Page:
Katz showed that whatever reason Netanyahu saw fit to hand him the Foreign Ministry portfolio two months before the elections, it had more to do with internal Likud party politics than Katz’s diplomatic skills. In an interview with the i24 News channel, Katz managed to turn the issue into a major crisis by quoting the late prime minister Yitzhak Shamir, who once said: “the Poles imbibe antisemitism with their mothers’ milk.”
When the remaining V4 leaders – V3, without The Poles – did meet in Jerusalem this week, Hungary and Slovakia announced they would be opening diplomatic representations in city, where the Czech Republic already has a trade and tourism mission.
Israel’s relationship with Hungarian Prime Minister Viktor Orban is an example of walking the delicate tightrope between past and present and national pride with a rise of the Right.
But the antisemitism on the Left should not be overlooked. In Britain, the animosity in Labour under leader Jeremy Corbyn has reached such levels that this week eight members of Parliament left the party, citing rampant antisemitism (and to a lesser extent policies on Brexit.)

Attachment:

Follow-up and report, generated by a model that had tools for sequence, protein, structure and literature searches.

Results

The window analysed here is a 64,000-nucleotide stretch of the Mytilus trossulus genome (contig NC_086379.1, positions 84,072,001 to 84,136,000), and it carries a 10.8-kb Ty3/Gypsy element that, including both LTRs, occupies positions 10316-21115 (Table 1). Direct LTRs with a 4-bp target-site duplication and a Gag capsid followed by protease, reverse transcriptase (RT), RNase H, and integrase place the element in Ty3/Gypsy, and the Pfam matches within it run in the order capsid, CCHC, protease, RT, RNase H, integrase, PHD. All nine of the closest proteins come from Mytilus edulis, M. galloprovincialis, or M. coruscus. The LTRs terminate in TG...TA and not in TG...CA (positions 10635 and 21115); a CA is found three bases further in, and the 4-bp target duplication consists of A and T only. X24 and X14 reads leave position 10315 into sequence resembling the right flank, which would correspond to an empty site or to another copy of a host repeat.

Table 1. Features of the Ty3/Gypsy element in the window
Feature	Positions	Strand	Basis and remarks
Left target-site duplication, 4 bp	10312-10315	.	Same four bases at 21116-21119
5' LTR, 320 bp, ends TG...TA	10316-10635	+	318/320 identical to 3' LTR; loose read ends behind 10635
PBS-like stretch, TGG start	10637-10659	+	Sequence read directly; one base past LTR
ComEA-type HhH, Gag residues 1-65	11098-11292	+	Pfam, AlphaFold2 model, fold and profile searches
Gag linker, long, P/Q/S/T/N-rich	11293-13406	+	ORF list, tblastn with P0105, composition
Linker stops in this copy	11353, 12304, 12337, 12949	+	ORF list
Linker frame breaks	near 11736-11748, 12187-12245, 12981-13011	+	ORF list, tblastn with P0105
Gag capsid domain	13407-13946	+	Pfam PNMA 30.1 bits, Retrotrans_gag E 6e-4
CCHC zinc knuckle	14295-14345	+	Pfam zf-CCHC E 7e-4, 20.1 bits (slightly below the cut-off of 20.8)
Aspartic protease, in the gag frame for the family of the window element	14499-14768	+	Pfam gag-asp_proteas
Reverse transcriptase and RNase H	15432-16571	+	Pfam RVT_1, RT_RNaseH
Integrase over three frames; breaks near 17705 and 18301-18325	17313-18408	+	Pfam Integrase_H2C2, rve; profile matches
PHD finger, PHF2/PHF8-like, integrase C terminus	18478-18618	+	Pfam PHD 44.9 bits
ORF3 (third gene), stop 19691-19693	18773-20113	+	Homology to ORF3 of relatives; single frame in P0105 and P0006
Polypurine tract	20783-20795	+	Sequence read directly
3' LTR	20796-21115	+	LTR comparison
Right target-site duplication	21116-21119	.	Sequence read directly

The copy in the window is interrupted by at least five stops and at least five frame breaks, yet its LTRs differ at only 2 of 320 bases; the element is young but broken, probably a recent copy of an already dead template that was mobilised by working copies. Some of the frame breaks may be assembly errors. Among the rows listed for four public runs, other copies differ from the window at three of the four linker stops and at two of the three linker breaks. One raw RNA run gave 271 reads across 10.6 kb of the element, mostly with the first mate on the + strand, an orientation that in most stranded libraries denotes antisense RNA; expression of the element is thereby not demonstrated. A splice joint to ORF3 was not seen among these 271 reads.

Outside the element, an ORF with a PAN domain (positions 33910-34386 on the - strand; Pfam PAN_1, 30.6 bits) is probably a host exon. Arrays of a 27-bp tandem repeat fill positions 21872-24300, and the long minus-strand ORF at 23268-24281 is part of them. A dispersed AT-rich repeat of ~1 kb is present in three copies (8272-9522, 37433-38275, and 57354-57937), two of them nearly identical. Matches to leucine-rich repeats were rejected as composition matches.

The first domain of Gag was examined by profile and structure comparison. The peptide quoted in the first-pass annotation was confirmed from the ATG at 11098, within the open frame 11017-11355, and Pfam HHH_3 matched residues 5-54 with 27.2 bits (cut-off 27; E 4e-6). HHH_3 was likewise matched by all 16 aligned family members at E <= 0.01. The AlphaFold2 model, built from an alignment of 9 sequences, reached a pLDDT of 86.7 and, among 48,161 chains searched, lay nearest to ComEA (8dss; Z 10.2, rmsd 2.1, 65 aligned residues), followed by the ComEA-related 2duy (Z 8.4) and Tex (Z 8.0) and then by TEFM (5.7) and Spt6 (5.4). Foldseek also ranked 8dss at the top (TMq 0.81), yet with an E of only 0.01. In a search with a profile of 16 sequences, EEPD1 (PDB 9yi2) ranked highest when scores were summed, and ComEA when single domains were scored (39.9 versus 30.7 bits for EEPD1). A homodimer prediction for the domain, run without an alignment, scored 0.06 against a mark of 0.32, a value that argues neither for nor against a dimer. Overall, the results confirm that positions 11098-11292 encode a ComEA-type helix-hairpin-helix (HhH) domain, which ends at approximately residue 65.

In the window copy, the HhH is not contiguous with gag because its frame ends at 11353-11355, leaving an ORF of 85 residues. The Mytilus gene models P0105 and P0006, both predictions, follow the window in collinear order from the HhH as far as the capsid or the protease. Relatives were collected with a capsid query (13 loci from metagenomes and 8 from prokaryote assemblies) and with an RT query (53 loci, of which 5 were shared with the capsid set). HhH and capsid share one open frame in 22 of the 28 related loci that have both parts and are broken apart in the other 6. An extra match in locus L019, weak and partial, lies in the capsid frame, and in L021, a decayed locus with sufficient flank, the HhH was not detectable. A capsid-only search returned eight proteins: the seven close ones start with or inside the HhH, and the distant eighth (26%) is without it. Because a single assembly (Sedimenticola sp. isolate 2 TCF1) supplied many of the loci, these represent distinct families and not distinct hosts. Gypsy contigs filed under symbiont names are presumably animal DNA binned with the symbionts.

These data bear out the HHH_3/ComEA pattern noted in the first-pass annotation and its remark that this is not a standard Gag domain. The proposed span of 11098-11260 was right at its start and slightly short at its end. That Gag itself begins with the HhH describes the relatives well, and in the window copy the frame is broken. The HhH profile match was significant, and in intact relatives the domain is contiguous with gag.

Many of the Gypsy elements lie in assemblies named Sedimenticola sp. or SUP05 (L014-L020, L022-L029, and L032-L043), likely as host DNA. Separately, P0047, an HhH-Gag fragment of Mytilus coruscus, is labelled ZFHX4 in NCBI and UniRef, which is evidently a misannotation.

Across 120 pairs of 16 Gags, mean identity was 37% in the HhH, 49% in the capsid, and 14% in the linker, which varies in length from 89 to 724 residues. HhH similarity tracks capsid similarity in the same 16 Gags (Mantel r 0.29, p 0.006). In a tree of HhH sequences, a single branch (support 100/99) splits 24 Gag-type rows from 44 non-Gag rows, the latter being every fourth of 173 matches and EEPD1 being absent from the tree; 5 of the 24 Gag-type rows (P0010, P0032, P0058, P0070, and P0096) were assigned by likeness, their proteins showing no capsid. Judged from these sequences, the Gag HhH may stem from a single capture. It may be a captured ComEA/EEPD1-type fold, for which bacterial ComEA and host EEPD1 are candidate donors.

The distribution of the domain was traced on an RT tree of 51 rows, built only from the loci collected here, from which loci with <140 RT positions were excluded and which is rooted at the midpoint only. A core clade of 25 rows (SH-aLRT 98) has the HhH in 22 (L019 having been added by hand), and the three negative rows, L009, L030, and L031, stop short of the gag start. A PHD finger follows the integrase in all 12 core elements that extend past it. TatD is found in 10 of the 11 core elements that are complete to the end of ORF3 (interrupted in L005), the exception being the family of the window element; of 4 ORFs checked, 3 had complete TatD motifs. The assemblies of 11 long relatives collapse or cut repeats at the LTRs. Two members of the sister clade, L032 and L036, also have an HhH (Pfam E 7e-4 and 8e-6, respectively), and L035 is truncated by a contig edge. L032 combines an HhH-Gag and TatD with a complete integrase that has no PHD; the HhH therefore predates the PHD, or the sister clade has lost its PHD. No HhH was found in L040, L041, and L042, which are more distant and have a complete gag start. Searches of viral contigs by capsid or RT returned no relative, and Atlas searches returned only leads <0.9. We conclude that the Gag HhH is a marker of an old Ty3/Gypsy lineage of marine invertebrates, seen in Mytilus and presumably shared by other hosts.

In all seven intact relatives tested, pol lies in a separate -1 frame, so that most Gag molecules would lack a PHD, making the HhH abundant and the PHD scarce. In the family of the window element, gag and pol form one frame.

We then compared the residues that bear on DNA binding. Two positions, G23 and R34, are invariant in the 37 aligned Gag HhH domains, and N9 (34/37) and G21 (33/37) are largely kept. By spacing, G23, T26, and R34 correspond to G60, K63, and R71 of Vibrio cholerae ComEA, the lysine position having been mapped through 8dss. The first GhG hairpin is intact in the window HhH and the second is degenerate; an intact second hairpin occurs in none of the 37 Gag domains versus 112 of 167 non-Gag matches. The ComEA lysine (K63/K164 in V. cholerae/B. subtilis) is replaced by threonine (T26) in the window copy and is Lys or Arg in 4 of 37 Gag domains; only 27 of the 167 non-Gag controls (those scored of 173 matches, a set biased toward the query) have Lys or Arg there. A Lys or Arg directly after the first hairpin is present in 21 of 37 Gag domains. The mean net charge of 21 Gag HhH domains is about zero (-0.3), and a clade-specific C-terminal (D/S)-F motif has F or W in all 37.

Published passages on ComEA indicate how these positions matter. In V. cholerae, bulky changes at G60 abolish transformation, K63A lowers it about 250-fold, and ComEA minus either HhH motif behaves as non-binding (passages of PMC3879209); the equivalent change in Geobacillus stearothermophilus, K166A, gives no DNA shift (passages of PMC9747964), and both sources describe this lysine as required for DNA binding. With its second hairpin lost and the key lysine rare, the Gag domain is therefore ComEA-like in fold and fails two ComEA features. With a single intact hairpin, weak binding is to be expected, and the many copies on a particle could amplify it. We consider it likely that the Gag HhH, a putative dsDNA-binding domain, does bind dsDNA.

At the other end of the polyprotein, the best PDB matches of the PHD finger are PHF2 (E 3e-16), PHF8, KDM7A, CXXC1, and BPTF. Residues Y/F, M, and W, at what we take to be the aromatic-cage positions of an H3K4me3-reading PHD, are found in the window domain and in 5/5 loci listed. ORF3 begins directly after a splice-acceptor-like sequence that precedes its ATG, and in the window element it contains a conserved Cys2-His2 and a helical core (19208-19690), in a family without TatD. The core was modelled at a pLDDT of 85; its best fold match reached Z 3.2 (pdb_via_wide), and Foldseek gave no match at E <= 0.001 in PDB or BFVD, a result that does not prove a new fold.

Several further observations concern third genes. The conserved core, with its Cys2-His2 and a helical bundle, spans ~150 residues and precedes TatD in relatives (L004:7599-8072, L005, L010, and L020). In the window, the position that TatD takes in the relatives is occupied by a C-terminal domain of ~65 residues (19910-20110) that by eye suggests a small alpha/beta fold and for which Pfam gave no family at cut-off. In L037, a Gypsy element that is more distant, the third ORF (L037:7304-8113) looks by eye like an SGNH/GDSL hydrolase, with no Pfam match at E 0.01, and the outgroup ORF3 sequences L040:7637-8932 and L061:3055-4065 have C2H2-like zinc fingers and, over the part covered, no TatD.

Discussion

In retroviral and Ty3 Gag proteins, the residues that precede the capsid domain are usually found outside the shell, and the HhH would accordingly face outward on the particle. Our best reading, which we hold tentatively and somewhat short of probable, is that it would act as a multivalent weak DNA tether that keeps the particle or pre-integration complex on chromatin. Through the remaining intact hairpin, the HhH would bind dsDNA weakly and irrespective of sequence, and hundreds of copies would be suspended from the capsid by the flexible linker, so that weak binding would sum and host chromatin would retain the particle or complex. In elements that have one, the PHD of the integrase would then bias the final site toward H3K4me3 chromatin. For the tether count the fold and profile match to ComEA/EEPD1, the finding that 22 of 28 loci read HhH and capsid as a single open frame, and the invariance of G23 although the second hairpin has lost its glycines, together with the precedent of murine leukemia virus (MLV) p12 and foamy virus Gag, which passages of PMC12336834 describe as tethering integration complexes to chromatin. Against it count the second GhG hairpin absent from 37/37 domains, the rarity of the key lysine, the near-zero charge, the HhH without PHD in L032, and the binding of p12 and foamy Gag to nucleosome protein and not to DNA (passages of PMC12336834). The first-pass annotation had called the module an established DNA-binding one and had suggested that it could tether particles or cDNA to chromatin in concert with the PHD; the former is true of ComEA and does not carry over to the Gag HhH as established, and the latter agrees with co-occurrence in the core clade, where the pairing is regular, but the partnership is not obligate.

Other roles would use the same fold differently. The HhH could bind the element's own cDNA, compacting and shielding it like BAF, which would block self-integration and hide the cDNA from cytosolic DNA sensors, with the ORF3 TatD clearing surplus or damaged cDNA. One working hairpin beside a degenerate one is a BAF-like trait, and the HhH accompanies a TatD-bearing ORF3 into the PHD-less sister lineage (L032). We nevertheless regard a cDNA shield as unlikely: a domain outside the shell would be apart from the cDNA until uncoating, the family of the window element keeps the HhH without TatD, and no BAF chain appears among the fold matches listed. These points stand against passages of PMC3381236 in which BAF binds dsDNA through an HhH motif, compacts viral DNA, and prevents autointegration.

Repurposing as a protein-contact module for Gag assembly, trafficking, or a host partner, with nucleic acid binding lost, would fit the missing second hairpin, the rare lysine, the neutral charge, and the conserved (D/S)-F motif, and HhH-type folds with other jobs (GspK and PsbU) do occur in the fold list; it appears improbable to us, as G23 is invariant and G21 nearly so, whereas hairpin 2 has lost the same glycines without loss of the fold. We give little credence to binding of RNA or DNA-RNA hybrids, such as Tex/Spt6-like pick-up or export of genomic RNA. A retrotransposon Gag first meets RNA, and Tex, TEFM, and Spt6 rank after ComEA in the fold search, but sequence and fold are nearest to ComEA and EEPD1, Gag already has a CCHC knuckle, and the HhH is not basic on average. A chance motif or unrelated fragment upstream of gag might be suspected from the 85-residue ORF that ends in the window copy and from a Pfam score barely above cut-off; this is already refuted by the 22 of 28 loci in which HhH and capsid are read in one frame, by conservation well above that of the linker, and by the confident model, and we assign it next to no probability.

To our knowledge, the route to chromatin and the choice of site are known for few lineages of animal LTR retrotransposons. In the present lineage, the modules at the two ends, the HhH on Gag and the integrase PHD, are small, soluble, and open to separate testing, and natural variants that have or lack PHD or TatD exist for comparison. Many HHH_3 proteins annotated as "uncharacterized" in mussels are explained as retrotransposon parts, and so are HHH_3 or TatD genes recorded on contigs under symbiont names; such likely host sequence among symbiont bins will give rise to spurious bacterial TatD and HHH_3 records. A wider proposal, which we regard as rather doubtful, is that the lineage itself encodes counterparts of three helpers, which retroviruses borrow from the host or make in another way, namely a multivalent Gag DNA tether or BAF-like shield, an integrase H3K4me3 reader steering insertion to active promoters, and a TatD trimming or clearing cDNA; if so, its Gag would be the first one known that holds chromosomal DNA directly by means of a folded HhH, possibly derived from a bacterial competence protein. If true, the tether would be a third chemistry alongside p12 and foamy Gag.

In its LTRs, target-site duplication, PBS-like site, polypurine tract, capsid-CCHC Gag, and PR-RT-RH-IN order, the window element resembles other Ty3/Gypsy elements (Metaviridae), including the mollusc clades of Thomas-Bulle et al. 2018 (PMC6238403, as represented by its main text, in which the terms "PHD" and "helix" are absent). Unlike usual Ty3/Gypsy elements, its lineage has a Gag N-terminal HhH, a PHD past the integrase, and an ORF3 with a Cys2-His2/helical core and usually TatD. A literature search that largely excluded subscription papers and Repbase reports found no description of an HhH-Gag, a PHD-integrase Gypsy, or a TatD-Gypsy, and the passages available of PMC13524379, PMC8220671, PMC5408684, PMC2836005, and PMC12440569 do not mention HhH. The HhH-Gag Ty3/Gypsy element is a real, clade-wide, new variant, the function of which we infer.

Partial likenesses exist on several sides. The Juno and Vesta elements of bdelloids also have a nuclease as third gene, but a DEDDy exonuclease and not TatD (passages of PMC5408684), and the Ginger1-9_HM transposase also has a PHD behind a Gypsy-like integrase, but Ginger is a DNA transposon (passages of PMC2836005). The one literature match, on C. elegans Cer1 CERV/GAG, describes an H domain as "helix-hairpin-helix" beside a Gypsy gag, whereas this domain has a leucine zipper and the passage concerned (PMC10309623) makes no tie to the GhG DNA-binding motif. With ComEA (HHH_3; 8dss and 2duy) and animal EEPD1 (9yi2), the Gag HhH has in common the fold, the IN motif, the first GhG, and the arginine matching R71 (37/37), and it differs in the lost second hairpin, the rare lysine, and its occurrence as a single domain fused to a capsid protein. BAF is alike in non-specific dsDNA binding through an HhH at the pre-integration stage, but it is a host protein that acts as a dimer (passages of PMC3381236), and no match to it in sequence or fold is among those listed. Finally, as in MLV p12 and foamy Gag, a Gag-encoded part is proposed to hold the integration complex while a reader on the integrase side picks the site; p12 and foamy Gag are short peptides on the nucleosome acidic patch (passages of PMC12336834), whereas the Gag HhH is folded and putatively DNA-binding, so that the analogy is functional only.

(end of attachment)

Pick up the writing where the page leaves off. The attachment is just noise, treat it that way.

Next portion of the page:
During a recent visit to the UK, I met several Jews who had left Labour after years, or even decades. Some said they had thought of emigrating, perhaps to another English-speaking country – despite the rise in antisemitism from North America to Australia. Others said they would like to move to Israel but they can’t afford to leave.
Despite the taunts thrown at Finkielkraut, the “Return to Tel Aviv” should not be driven by fear. There are plenty of positive reasons to come. It is appalling that Jews in so many countries feel they are living in dangerous times and places.
The world cannot afford to ignore antisemitism. Contrary to the conspiracy theories, Jews – and Israel – do not control the world’s money, media and politics. We don’t have the means to fight antisemitism on our own. Nor should we have to. Hatred is hatred. It endangers all.